TIME History

‘To the Moon and Back’: LIFE’s Complete Special Issue on Apollo 11

For millions of people who witnessed the Apollo 11 triumph, the event perhaps did not feel quite real until, two weeks later, LIFE magazine published its definitive account of the epic journey.

For millions of people who witnessed the Apollo 11 mission, watching on television or following it on the radio as humanity improbably, literally walked on the moon, the event perhaps did not feel quite real until, more than two weeks later, LIFE published its definitive account of the epic journey.

Today, in the age of 365/24/7 media consumption, learning that any publication had the confidence—or the audacity—to wait for two hours, much less two weeks, before publishing its take on arguably the signal event of the 20th century might strike some as close to unbelievable. But for a magazine like LIFE, which had earned its reputation as the de facto chronicler of the Space Race not through dumb luck, but through years of hard work, phenomenal photography and inspired reporting, waiting two weeks was simply the price one paid for getting it right.

One look through the page spreads in this gallery (we recommend viewing all of the slides in “full screen” mode) makes it clear that, with this special issue, LIFE did what it set out to do: the magazine created not only the best first draft of history around the 1969 lunar landing, but produced an astonishingly comprehensive, coherent and, at times, poetic account of what LIFE’s editors called “history’s greatest exploration.”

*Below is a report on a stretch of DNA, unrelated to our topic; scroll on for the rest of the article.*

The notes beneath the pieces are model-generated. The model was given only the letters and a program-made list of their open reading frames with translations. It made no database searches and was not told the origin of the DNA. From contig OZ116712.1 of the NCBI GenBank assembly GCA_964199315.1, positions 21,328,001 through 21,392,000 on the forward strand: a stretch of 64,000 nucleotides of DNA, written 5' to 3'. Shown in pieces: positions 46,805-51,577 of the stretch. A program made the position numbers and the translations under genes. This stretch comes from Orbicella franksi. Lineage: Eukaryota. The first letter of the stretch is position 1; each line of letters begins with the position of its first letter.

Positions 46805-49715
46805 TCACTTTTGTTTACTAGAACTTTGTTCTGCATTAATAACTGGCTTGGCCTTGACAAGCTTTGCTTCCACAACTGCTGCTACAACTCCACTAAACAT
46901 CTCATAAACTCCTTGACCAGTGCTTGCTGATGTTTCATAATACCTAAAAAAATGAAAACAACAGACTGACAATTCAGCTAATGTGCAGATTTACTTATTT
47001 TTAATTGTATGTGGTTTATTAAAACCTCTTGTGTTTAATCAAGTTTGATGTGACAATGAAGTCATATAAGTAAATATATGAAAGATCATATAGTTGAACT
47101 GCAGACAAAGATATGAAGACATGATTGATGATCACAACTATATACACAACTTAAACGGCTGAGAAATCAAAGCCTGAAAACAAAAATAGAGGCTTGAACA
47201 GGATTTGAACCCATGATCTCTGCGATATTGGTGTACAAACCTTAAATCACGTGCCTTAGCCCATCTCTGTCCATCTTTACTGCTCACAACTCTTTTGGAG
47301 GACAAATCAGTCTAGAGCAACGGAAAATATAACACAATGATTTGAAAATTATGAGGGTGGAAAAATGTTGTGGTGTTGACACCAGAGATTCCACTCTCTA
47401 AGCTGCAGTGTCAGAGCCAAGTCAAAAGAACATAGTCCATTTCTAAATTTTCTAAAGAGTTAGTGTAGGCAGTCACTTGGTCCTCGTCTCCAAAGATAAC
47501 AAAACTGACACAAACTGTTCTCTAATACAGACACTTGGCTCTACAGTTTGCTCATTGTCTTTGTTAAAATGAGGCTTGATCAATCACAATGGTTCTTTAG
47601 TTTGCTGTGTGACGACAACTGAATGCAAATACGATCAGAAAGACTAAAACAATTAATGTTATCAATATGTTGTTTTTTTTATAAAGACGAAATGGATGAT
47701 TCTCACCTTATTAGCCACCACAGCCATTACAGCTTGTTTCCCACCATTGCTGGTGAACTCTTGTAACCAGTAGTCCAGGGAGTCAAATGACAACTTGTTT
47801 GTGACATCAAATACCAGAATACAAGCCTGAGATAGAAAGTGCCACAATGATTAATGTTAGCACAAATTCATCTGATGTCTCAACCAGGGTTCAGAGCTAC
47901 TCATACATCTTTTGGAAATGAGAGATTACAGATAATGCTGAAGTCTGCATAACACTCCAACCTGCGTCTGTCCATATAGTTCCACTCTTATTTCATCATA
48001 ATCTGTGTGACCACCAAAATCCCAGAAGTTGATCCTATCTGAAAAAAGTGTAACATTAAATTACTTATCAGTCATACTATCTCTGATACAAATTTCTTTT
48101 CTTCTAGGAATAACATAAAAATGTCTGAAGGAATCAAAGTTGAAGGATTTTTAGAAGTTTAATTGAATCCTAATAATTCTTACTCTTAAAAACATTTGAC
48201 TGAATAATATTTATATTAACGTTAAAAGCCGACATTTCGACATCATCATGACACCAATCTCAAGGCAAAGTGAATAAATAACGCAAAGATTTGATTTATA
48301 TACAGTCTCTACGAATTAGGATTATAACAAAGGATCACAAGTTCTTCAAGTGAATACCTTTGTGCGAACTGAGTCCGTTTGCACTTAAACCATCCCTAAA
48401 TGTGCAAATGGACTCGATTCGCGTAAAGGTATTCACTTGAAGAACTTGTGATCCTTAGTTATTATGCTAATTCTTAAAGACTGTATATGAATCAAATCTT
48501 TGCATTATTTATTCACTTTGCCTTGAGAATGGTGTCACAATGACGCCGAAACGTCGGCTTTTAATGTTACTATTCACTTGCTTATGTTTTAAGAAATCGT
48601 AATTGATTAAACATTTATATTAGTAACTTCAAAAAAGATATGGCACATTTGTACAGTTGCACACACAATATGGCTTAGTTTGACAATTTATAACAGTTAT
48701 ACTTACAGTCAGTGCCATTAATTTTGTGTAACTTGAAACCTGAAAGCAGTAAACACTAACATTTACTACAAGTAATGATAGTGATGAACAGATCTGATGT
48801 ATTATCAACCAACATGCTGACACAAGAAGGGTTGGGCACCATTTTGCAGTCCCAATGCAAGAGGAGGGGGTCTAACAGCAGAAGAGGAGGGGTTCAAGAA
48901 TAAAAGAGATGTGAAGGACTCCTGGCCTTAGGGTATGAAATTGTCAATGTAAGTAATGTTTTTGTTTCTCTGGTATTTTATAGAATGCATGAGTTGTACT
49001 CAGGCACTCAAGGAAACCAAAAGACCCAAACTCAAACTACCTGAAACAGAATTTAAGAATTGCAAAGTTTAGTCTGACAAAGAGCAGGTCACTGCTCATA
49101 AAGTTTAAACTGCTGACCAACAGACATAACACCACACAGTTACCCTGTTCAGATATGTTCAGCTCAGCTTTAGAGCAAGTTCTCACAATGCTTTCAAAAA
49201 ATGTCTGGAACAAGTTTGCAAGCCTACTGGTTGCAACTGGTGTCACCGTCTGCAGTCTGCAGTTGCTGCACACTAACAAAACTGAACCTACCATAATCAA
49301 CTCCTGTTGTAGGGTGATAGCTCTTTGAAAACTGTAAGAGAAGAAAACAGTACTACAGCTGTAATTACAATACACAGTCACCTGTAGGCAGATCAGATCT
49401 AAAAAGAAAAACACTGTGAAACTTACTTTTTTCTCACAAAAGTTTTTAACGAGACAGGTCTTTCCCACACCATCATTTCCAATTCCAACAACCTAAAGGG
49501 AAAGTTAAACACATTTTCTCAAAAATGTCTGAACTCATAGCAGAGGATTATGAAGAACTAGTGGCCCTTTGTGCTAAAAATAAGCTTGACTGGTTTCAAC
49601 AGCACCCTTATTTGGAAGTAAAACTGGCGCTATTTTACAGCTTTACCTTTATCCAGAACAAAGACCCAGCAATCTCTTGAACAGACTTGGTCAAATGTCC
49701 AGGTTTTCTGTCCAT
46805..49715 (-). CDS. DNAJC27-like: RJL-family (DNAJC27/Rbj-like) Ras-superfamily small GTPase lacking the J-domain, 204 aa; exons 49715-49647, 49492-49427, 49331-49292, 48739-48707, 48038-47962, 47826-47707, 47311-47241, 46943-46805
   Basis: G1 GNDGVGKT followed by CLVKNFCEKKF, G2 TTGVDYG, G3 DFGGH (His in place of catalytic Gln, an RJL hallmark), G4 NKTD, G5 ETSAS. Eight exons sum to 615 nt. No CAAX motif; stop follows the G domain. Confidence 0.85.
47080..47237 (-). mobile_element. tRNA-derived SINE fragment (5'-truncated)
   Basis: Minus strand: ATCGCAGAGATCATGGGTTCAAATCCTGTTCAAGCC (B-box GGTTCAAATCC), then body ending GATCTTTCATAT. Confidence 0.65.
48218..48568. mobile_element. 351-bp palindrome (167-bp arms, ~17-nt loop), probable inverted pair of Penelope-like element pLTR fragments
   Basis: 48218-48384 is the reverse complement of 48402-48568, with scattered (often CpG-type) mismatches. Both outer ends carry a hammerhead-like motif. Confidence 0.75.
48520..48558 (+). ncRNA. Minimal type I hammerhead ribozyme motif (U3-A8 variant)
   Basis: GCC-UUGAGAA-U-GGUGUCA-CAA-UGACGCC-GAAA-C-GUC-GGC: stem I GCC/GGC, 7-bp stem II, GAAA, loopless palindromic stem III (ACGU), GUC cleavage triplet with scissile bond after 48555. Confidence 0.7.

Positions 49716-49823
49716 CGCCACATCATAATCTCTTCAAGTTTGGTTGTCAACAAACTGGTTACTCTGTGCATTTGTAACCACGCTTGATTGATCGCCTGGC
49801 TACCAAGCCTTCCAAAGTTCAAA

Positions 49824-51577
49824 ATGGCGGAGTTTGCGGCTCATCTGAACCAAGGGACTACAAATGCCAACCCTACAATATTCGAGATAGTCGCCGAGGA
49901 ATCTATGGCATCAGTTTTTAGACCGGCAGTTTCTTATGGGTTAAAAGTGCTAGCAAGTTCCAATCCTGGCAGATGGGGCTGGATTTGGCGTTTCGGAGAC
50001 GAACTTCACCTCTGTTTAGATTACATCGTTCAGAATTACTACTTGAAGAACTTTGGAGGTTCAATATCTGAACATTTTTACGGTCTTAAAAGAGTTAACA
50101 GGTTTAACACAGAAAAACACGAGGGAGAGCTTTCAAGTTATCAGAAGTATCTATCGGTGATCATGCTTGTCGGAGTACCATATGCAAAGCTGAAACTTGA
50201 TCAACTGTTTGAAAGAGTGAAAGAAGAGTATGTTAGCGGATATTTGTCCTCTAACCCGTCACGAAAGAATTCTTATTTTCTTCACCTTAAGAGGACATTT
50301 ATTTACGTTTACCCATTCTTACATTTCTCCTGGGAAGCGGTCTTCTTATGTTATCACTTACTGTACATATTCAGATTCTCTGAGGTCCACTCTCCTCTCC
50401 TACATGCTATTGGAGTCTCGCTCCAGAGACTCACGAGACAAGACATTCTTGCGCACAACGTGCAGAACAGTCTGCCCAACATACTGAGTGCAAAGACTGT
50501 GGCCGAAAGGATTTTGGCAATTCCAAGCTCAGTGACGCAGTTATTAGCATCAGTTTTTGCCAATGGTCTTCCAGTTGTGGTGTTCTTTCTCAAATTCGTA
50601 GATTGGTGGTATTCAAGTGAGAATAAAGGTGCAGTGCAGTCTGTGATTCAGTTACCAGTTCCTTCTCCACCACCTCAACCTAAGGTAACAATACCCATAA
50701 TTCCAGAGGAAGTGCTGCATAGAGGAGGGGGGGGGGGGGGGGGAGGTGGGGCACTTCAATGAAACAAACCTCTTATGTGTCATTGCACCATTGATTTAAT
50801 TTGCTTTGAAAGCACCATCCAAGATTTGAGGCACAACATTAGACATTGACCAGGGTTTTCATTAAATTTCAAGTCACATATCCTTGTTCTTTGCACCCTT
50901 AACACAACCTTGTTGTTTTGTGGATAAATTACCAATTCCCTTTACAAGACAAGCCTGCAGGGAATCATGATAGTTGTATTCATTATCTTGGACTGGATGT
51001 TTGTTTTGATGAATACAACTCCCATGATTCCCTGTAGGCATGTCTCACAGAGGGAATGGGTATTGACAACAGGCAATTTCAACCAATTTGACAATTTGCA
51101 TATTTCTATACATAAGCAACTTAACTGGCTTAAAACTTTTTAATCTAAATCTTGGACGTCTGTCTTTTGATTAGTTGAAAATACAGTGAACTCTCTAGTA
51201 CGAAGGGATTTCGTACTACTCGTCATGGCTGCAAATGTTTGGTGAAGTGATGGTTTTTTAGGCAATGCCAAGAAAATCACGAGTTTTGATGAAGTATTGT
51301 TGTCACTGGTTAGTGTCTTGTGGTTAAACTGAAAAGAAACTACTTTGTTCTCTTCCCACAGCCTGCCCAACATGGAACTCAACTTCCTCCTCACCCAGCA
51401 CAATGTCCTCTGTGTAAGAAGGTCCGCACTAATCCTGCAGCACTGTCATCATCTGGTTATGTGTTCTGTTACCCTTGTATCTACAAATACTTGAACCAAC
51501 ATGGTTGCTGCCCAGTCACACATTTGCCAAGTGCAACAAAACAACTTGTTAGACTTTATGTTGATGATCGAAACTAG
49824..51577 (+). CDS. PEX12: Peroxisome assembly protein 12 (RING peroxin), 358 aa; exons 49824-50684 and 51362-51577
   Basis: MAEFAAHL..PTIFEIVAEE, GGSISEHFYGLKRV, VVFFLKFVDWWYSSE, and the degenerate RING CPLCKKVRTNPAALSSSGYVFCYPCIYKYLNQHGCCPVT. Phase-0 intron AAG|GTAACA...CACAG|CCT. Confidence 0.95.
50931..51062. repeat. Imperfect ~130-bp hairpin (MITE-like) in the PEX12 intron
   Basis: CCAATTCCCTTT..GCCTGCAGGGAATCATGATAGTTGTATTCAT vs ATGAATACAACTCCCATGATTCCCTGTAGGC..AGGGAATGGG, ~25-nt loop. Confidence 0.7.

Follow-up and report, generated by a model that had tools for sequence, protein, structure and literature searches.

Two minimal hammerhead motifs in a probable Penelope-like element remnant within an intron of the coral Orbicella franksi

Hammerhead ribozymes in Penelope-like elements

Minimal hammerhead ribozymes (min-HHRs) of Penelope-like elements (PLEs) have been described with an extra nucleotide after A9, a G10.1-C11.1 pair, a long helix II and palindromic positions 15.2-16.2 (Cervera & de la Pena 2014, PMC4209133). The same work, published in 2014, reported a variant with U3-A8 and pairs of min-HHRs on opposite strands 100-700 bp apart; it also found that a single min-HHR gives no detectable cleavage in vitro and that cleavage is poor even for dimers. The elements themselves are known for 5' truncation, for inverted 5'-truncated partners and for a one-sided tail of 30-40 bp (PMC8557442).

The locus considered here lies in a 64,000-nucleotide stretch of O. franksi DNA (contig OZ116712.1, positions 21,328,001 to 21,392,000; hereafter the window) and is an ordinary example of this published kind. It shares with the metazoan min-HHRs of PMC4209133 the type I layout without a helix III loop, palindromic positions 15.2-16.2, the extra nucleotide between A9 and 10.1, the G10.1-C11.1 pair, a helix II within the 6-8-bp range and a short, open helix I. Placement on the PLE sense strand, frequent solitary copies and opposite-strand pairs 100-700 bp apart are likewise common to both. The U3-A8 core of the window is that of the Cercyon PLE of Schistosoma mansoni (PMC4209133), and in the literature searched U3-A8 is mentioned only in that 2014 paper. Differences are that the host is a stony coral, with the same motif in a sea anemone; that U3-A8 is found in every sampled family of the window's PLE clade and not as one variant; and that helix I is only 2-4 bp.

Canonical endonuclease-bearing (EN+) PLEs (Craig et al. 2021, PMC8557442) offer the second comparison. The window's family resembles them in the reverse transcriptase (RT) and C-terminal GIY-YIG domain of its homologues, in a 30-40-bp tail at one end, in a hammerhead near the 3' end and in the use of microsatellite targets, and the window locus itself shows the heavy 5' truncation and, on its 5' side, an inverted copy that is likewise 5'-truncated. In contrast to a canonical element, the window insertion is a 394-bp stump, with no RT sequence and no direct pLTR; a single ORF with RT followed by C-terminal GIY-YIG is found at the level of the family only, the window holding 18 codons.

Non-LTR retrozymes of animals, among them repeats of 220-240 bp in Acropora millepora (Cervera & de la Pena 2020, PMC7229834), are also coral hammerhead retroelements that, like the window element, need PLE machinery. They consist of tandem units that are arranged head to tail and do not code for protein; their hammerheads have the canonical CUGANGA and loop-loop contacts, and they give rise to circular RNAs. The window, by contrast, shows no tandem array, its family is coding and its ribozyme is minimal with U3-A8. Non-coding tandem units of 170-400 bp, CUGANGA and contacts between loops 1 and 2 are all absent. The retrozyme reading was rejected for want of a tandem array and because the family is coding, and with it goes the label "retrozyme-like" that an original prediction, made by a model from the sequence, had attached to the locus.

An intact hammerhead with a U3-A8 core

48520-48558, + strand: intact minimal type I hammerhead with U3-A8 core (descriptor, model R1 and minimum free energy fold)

As Neil Armstrong and his fellow astronauts Buzz Aldrin and command module pilot Michael Collins reached out for destiny all those years ago, 500 million people around the world watched in awe as the grainy black-and-white television footage beamed back to Earth from the cold surface of the moon—and it seemed then, for America, that anything was possible. In a sense, LIFE magazine shared in that triumph, as it had rigorously followed and reported on the soaring successes and the tragedies of America’s space program since well before President John Kennedy, in 1961, challenged the country to set foot on the moon.

Less than a decade after JFK’s bold proclamation, America did just that. This is what it looked like, and what it felt like, to be a part of it—for the three men who flew, and for the countless others on Earth who watched, and marveled, and willed the trio safely back home.

Ben Cosgrove is the Editor of LIFE.com

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